Tequila can be tricky. Sales of agave spirits overall are blowing the roof off the U.S. spirits market. But as tequila enjoys unprecedented popularity, consumers need to be vigilant. Flavorings, colorants, and other additives are widely added to tequila. And corner-cutting is also typical among many producers. This results in tequilas with questionable integrity, and that may be problematic from a cultural or ecological perspective. But in this uncertain territory, standout examples remain. And one of them is this week’s Drink of the Week: Paladar Tequila Blanco.
Paladar is produced by the Orendain family, the last independent producer among tequila’s four founding families. Blue Weber agave are harvested from the family’s fields in the valley of Jalisco. The agave are roasted in a brick oven for 48 hours. The cooked piña are shredded and pressed through a roller mill to extract the mosto, or juice. Using wild and proprietary yeasts, the mosto is fermented for five days in an open-air pine-box fermenter. Finally, the tequila is double-distilled on stills that are a blend of copper and stainless steel by master distiller Eduardo Orendain, Jr.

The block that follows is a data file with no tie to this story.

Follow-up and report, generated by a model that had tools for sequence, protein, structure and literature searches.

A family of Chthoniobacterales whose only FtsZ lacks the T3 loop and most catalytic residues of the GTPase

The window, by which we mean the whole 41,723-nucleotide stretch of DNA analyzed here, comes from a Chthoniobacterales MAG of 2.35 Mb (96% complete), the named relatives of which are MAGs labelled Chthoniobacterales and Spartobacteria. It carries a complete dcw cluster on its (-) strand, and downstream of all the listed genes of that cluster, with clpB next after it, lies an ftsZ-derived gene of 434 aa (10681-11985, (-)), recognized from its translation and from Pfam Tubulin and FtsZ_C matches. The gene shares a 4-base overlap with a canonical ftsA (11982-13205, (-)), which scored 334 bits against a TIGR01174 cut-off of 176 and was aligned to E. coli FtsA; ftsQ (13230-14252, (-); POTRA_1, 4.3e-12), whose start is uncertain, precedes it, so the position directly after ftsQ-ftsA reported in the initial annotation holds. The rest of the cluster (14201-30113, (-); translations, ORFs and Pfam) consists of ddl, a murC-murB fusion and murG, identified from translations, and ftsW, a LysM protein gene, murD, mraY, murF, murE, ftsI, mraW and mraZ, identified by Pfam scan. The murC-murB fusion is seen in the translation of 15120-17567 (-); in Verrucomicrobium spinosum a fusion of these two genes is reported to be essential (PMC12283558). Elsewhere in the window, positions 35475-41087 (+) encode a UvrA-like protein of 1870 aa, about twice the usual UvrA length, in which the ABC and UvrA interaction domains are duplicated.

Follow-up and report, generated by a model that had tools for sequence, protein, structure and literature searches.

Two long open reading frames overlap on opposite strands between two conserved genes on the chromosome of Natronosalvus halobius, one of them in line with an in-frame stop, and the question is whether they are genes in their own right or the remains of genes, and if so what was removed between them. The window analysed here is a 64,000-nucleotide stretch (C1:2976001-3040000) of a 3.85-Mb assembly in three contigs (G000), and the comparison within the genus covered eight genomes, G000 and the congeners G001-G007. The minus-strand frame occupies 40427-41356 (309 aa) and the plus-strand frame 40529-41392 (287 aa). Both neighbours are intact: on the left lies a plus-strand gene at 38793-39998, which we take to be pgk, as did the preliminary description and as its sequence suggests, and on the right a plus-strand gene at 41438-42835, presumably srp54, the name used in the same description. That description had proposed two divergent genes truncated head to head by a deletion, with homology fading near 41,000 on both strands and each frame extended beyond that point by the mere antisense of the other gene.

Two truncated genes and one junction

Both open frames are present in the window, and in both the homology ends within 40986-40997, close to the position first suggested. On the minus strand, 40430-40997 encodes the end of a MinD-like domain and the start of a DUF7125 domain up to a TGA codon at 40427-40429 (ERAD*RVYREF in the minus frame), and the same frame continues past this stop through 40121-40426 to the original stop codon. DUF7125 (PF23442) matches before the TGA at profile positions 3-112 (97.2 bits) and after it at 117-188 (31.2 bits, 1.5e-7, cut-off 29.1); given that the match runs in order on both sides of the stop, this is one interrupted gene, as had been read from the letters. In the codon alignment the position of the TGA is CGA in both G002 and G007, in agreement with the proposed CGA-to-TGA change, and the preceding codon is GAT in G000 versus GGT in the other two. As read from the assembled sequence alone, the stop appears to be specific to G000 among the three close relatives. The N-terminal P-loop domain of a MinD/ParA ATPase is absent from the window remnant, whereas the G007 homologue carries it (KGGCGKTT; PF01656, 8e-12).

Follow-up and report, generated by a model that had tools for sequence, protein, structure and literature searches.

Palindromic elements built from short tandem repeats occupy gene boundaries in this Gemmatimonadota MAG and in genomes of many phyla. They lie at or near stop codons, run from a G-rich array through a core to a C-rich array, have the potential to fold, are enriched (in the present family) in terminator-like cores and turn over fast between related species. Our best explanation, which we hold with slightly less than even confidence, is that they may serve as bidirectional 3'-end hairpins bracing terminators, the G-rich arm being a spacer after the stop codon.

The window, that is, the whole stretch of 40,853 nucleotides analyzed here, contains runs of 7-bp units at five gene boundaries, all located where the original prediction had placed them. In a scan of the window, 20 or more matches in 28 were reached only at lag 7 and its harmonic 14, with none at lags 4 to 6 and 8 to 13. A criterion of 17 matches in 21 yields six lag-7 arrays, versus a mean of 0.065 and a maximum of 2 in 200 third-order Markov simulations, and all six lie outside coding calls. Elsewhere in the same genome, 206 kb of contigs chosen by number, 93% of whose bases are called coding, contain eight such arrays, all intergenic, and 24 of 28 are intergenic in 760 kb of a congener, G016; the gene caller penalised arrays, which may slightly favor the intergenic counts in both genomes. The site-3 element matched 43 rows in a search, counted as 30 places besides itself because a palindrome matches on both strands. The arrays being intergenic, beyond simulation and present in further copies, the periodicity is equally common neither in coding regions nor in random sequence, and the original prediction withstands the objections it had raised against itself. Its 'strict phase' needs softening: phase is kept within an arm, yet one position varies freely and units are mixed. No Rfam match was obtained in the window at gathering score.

Throughout the process, sustainability is a prime ingredient. The distillery aims to be 90 percent solar-powered by 2024, and all packaging is made using recycled materials. Leftover agave pulp is composted back into the fields, the water is sourced from the family’s own wells, and the farm uses no chemical pesticides or fertilizers.
The tequila, too, is additive-free, and quite welcome in the glass. The blanco’s nose is crisp and herbaceous, with touches of pine and pepper. A subtle brininess on the palate plays against bright notes of citrus peel, with a delicate sweetness of cooked agave and a fresh, almost minty finish. Clean and intriguing sipped straight, the blanco is obviously a great candidate for Margaritas, Palomas, and any of a host of tequila cocktails. $49.99, paladartequila.com